The Maritime History of the Great Lakes
Daily British Whig (Kingston, ON), 22 Mar 1853

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p.2 How a Ship Is Launched

When a ship is building, her keel reels on a series of blocks of wood placed about three feet apart, and she is supported on either side by pieces of timber, one end of each "shore," as these timbers are technically termed, resisting on the ground, and the other "shoring up" the ship, or in other words, keeping her from falling over sideways. The ordinary practice in building ships is to place the stern next the water, and the head of the ship up the yard, so that the vessel shall go stern foremost in the river. When the launching time comes, the ship requires to be released from all these supports and barriers, and it may interest the country reader at least to explain how this is done.

First of all, large beams of timbers are placed lengthwise under each side of the ship, with a slight inclination toward the water end of them. These timbers are bolted to blocks of wood in the ground, and they have other pieces of timber bolted to the sides of them, so as to form "ways", as the shipwrights say, or grooves, by which the ship is to move into the water. The next process is to place another beam of timber on each of these "ways," and to bolt smaller pieces of timber upon them, which are fitted, but not fastened, to the ship's side, so as to form a kind of cradle in which the vessel is to rest, which goes with the water. The beams of timber fixed to the blocks are plentifully greased with soft soap and oil, to make the vessel move smoothly, and when all is in readiness, the supporters are knocked away, and the ship glides into the water.

The ship is liberated by striking down her "dagger" which are the last hindrances to taking the water. There is a "dagger," so called, at each end of the ship. It is just at the head of the launching timbers, and is simply a square piece of wood, placed in a slanting direction, one end of which rests against the fixed beams of timber which lie under the vessel, and the other end is placed against the cradle on which the ship rests. It is an honorable distinction in a ship-builder's yard to knock down the daggers, and it is the custom to award the honor to the two oldest apprentices. Underneath the dagger a small piece of wood is placed on an end, to prevent the dagger falling of itself, and a chisel is also driven into the wood to keep the "tom," as it is called, in its place. These are alike on both sides of the ship, and, as it has been stated, it is the privilege of the two oldest apprentices to take charge of the department.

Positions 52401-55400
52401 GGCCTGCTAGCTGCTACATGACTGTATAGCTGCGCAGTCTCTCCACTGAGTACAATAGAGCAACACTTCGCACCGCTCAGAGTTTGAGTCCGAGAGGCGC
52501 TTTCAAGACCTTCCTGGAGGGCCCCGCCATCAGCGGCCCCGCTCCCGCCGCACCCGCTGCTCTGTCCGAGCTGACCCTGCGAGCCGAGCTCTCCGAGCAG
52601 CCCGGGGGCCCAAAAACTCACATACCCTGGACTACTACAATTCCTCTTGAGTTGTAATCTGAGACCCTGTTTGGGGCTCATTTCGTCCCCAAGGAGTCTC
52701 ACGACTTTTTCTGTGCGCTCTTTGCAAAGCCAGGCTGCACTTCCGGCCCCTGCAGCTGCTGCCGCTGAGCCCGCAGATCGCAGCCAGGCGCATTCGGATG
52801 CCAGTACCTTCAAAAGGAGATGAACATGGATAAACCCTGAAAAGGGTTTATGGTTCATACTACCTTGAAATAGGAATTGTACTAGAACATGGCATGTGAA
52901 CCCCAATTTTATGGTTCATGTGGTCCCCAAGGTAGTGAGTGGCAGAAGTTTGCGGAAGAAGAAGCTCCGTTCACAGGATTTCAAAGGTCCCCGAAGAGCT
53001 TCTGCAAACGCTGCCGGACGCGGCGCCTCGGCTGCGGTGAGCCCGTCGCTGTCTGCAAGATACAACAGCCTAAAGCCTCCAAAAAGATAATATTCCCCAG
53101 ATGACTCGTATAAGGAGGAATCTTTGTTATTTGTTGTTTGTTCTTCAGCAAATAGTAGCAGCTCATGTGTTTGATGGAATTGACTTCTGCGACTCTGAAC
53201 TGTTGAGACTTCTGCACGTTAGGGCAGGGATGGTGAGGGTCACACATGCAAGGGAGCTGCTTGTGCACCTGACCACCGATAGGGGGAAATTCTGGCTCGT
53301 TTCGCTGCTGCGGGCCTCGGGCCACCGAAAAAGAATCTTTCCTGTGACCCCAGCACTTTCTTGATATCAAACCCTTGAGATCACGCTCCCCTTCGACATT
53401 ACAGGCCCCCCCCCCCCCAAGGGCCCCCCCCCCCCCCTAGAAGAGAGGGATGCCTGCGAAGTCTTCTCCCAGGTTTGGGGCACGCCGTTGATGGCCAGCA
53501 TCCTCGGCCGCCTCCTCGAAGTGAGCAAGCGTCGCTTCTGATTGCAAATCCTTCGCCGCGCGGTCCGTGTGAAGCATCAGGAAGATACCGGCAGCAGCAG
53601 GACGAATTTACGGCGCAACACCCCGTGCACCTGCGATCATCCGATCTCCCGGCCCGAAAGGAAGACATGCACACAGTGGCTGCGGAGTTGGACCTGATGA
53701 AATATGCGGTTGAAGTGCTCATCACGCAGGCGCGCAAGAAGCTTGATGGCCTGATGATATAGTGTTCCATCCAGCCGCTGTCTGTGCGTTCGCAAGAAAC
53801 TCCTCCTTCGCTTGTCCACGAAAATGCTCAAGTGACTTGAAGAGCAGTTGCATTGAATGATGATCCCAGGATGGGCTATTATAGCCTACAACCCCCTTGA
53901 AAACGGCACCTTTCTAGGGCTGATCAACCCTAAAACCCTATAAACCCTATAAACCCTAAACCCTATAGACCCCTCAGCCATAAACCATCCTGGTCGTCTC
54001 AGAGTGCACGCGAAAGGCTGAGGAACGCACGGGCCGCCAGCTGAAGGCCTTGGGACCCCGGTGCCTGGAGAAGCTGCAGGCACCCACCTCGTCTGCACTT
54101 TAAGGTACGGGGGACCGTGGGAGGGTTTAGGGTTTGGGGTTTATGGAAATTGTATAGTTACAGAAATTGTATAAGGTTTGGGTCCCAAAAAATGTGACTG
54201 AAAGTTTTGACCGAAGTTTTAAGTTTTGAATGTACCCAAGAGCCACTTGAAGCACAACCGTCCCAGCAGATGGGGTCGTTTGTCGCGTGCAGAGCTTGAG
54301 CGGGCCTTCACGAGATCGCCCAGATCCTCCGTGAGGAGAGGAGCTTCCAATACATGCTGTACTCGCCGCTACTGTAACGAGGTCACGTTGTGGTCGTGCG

The real interest of a ship launch is a brief but exciting thing. It commences when the men lie along under the vessel to "give her a rally," that is to drive in a number of wedges to ease the ship off the blocks under her keel. A couple of hundred men may be about the ship in this work, and at the voice of the leading man, every one of them strikes his wedge, at the same instant gradually raising the ship, and producing a sound like muffled thunder. The centre blocks are then removed, and the shores taken away from the sides of the ship. The ship is now ready for launching, and the master shipbuilder and his friends stand at the head of the vessel.

The men place themselves down each side of the ways, the signal, "Out oakum," is given, and immediately the oakum, which has kept the dust from the grease, is removed. "All out, sir," is the response. "Out keys," is the next command, and as quickly as in the former case, the men remove some small pieces of wood, which have been placed down the ways to assure them that all continues true. - Again the men respond, "All out sir," and they hasten from the sides of the ship. The whole interest is now in the daggers, both of which the master shipwright sees. "Out chisels," "Out small toms," "Down daggers," follow in rapid order, and the ship is freed from her restraints. A bottle of wine from the fair lady breaks on the ship's head, she glides down the ways, a big wave rises as she touches the water, enlarging itself as she gets off the stocks, and the ship is launched.

-Oswego March 18 - propeller Ogdensburgh and St. Lawrence loading for Canada.

-death of Capt. James Sinclair, 72 years old.

Lake St. Clair - (repeat)

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22 Mar 1853
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Geographic Coverage:
  • Ontario, Canada
    Latitude: 44.22976 Longitude: -76.48098
Rick Neilson
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pd [more details]
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Public domain: Copyright has expired according to the applicable Canadian or American laws. No restrictions on use.
Maritime History of the Great Lakes
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Daily British Whig (Kingston, ON), 22 Mar 1853